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Biden should restore Bears Ears, an important step in protecting America’s public lands

“This place is filled with cultural heritage. That cultural heritage belongs to every single American,” Interior Secretary Deb Haaland said in Utah last week.

Interior Secretary Deb Haaland tours near ancient dwellings along the Butler Wash trail during a visit to Bears Ears National Monument Thursday, April 8, 2021, near Blanding, Utah.
Interior Secretary Deb Haaland tours near ancient dwellings during a visit to Bears Ears National Monument on April 8, 2021.
Rick Bowmer/AP Photos

America’s greatest treasure is its public lands, the majestic national parks, forests, wildlife preserves, conservation areas and monuments that offer us a chance to escape from our daily routine and appreciate our nation’s unspoiled natural beauty.

In 2017, Donald Trump showed his disdain for this national heritage when he signed an executive order that virtually wiped out the Bears Ears National Monument in Utah, reducing its protected acreage by 85%.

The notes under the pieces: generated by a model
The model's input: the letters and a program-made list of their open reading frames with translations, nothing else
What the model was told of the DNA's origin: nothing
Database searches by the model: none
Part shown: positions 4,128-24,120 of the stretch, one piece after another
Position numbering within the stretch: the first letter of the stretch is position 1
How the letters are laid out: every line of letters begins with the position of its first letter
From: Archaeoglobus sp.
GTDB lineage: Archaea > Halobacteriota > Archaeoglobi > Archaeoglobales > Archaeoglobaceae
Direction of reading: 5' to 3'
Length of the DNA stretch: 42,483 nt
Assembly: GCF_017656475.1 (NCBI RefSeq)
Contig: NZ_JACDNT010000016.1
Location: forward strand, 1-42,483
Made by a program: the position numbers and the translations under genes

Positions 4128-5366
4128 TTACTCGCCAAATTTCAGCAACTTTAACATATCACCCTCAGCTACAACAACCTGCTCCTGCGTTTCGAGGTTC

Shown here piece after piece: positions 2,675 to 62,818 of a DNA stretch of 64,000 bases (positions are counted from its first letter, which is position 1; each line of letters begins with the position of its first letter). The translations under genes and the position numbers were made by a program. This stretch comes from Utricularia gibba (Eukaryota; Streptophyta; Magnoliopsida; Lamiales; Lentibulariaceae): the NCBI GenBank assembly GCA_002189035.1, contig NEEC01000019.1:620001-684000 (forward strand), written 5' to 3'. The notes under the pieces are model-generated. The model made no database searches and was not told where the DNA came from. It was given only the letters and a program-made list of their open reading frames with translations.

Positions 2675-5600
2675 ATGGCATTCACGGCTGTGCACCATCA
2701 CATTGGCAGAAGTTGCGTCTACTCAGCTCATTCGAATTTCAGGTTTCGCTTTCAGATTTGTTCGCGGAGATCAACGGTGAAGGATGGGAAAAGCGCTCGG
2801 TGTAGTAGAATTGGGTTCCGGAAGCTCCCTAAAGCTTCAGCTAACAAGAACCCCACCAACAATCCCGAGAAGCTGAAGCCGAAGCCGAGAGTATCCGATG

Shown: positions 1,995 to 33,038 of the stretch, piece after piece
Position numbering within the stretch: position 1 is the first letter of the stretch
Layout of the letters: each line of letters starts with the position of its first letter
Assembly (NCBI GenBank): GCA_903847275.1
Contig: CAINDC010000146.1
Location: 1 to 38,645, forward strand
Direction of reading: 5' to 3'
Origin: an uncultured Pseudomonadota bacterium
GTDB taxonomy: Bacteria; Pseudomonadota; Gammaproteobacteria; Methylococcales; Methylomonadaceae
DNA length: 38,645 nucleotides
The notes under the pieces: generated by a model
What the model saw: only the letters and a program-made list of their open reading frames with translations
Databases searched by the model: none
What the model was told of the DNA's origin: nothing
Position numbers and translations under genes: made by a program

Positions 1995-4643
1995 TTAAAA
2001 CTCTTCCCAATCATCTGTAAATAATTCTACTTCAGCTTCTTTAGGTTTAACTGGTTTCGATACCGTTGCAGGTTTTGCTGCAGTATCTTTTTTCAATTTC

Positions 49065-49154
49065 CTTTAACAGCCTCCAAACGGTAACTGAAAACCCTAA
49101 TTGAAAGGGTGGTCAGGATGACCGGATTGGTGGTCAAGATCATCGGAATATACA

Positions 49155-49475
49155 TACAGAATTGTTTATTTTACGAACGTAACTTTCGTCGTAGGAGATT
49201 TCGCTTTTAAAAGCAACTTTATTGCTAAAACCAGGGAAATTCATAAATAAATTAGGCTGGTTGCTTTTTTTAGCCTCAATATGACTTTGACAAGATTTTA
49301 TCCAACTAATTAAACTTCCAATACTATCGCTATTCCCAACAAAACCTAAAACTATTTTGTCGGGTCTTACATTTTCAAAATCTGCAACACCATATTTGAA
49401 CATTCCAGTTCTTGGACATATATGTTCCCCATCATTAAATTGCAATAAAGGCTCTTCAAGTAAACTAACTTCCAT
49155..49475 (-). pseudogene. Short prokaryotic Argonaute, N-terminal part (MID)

Trump gave no reason for his decision, which also gutted the nearby Grand Staircase-Escalante National Monument, And since then, as one might easily have predicted, a crush of visitors has descended, driving noisy ATVs and snatching up shards of ancient Pueblo Indian pottery and other historic artifacts.

Two small mineral extraction operations also have since opened up. And federal funding for archaeological projects in the area has ended.

President Joe Biden should move quickly to prevent more of the same, or worse. A new executive order that restores the previous boundaries of Bears Ears and Grand Staircase-Escalante is needed.

We expect that recommendation soon from Interior Secretary Deb Haaland, who toured both areas last week. Trump’s order was challenged in federal court by conservation groups, but the case is still pending.

A move by Biden is all the more crucial.

A historic natural area set aside for conservation — and in this case one that is sacred to several Native American tribes — should not be left vulnerable to thoughtless tourists and profit-hungry developers and miners.

“It’s our obligation to make sure that we protect lands for future generations,” as Haaland told reporters during her tour. “This place is filled with cultural heritage. That cultural heritage belongs to every single American.”

Five years ago, researchers reported an alarming finding: Humans had already destroyed a tenth of Earth’s wilderness areas in the previous 25 years. Within a century, none might remain.

Restoring Bears Ears and Grand Staircase-Escalante is a small step in reversing that trend and protecting America’s great treasure, our public lands.

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